When most people think of Medicare, they think of it as health care for seniors starting at age 65. But there is a whole other group who qualify for Medicare benefits- those receiving Social Security Disability benefits. Approximately 16% of those on Medicare are individuals with disabilities under the age of 65.
Getting approved for Social Security Disability benefits can be a long and frustrating process. Very few people are approved on their first attempt. If this is your situation, you may wonder how long it will take to get Medicare benefits after you have finally been approved for disability.
This article will answer that question. We will also examine some of your options if you are on disability and waiting for Medicare coverage to kick in. To better understand what Social Security Disability Insurance (SSDI) is and how to qualify for benefits, read this article here.
When Will My Medicare Coverage Begin?
If you have been approved for disability, your Medicare Part A coverage will begin immediately. Part A is your hospital care coverage and will pay for inpatient, hospice, and skilled nursing care once your deductible has been met. If you have worked for at least ten years or 40 quarters, your Part A coverage will not have a monthly premium.
Your Medicare Part B, which covers outpatient medical services such as doctor visits, and lab work, will begin 24 months after your Medicare Part A begins. Your Part B coverage will have a deductible and a monthly premium based on your income (or joint income if you’re married) for the past two years.
The exception to this two-year wait is for those who qualify for disability due to End Stage Renal Disease (ESRD), also known as Kidney Failure, and ALS, also known as Lou Gehrig’s Disease. If you have either of these conditions, you will receive immediate Medicare benefits from both Part A and Part B.
If you have received disability benefits in the past, previous periods of disability may count toward your 24-month qualifying period under certain circumstances. If your current disability is the same, or directly related to, a disability for which you have previously received disability benefits, that time may count toward your current qualifying period.
Alternatively, suppose a new disability begins within 60 months after your disability benefits have ended or within 84 months after the disabled widow’s or widower’s benefits or childhood disability benefits. In that case, that may count toward the qualifying period.
Once you have received both parts of Original Medicare, you can get a Medicare supplemental plan to fill in the gaps. A word of caution, however, depending on what state you live in, your options may be very limited and expensive. Most states do not require the same supplemental plans to be offered to those on Medicare under 65 as those provided to individuals 65 and older. However, you may qualify for a Medicare Advantage plan for those on Medicare due to disability.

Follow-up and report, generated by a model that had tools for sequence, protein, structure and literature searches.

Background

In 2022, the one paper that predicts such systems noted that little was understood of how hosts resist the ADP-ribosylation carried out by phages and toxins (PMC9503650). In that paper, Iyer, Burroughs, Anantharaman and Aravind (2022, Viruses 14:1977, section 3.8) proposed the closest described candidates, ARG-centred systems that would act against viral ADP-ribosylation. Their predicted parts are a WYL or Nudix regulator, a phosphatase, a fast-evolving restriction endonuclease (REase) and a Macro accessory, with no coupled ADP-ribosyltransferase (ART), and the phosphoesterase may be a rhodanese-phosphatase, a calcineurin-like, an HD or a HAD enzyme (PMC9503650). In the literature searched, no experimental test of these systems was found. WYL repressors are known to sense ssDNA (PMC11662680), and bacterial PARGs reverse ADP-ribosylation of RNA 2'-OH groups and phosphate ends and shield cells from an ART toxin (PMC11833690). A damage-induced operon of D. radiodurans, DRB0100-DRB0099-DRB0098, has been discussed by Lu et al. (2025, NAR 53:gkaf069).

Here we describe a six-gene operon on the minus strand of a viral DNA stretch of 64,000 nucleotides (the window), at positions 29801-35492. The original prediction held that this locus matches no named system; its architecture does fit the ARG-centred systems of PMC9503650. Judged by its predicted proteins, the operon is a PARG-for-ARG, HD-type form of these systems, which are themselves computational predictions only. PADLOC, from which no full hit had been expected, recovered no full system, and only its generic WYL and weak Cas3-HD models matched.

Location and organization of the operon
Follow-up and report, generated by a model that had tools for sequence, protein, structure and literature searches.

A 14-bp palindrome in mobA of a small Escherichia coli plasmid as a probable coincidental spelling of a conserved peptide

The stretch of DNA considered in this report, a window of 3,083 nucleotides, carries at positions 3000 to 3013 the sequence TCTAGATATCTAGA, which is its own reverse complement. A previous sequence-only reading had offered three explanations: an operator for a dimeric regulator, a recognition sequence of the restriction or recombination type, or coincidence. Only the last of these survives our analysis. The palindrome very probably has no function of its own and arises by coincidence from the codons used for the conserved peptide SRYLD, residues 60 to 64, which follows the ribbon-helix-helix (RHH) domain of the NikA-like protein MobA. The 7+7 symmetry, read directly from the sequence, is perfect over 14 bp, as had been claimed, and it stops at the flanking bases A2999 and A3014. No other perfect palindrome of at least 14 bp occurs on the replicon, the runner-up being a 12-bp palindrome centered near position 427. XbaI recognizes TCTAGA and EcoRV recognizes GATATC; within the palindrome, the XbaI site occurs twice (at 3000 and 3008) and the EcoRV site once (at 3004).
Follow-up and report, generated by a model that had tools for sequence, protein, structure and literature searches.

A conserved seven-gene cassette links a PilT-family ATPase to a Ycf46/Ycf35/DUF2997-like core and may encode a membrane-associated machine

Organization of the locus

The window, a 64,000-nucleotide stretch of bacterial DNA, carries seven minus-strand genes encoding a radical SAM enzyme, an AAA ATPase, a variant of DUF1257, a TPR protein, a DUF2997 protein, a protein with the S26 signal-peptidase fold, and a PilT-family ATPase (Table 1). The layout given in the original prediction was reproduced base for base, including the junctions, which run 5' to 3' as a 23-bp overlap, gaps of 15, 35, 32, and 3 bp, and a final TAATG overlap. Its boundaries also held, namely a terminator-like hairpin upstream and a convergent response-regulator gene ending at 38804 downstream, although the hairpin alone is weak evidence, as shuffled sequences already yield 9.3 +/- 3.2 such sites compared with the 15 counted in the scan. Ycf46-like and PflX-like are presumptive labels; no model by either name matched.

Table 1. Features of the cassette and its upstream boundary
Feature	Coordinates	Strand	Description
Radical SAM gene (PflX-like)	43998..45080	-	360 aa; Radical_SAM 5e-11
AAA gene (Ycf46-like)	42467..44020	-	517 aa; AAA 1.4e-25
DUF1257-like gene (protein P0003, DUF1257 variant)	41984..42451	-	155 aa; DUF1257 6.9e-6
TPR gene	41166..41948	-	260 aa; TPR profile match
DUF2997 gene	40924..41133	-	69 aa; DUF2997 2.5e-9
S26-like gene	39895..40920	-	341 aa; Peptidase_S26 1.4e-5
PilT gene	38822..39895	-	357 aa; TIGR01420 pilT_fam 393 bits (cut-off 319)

If you decide not to sign up for Medicare after your two-year wait but later want to, bear in mind that you will be charged a late penalty for every year you were late. That late penalty is usually 10% per year. These penalties will go away when you turn 65.
What Do I Do for The Two Years Before My Coverage Begins?
Health insurance is necessary, especially when you have been diagnosed with a disabling condition. The two-year wait for Medicare Part B coverage may seem unfair. Nevertheless, Congress made this compromise to expand the availability of Social Security and Medicare benefits for those under the age of 65.
So, what can you do for medical coverage while you wait for Part B to begin? Depending on your circumstances, you may have a few options.
Employer Health Care
During your qualifying period, you may be eligible for group health insurance through your former employer. If you are married and your spouse qualifies for health insurance at work, you may also be able to get coverage through their work health plan. You can contact the employer for more information regarding your eligibility for health insurance coverage.
COBRA stands for the Consolidated Omnibus Budget Reconciliation Act of 1985. This law requires employers to allow employees and their dependents to keep their health coverage under certain circumstances even after leaving the group plan.
Each state may have slightly different rules governing COBRA. All states require companies with more than 20 employees to continue coverage to those who have lost their job or had their working hours reduced. Some states may require smaller companies to also allow former employees to keep their health insurance coverage for a while.
If you have lost your job, had a reduction in your working hours, or were covered by a spouse who has died or from whom you have divorced, you may qualify for this coverage. COBRA coverage usually lasts 18 months, though it may be as much as 36 months in some instances. You may also have to pay the employer’s share of the premium and your own.
Affordable Care Act
The Affordable Care Act, also known as Obamacare, is a healthcare reform law passed in 2010. Under the Affordable Care Act, you may qualify for reduced-cost health insurance based on your income. This law also ensures that you cannot be denied health insurance due to pre-existing conditions. We can help you navigate your state’s health insurance marketplace to find your best plan.
We Are Here to Help
Navigating Social Security Disability Insurance and Medicare can be a challenge. The lengthy process and months-long waiting periods can be stressful. But you don’t have to figure it out alone. The Medicare Family has over 40 years of experience. We can look at your unique circumstances and help you understand what is available in your state. Schedule an appointment today, and let us help you get the coverage you need.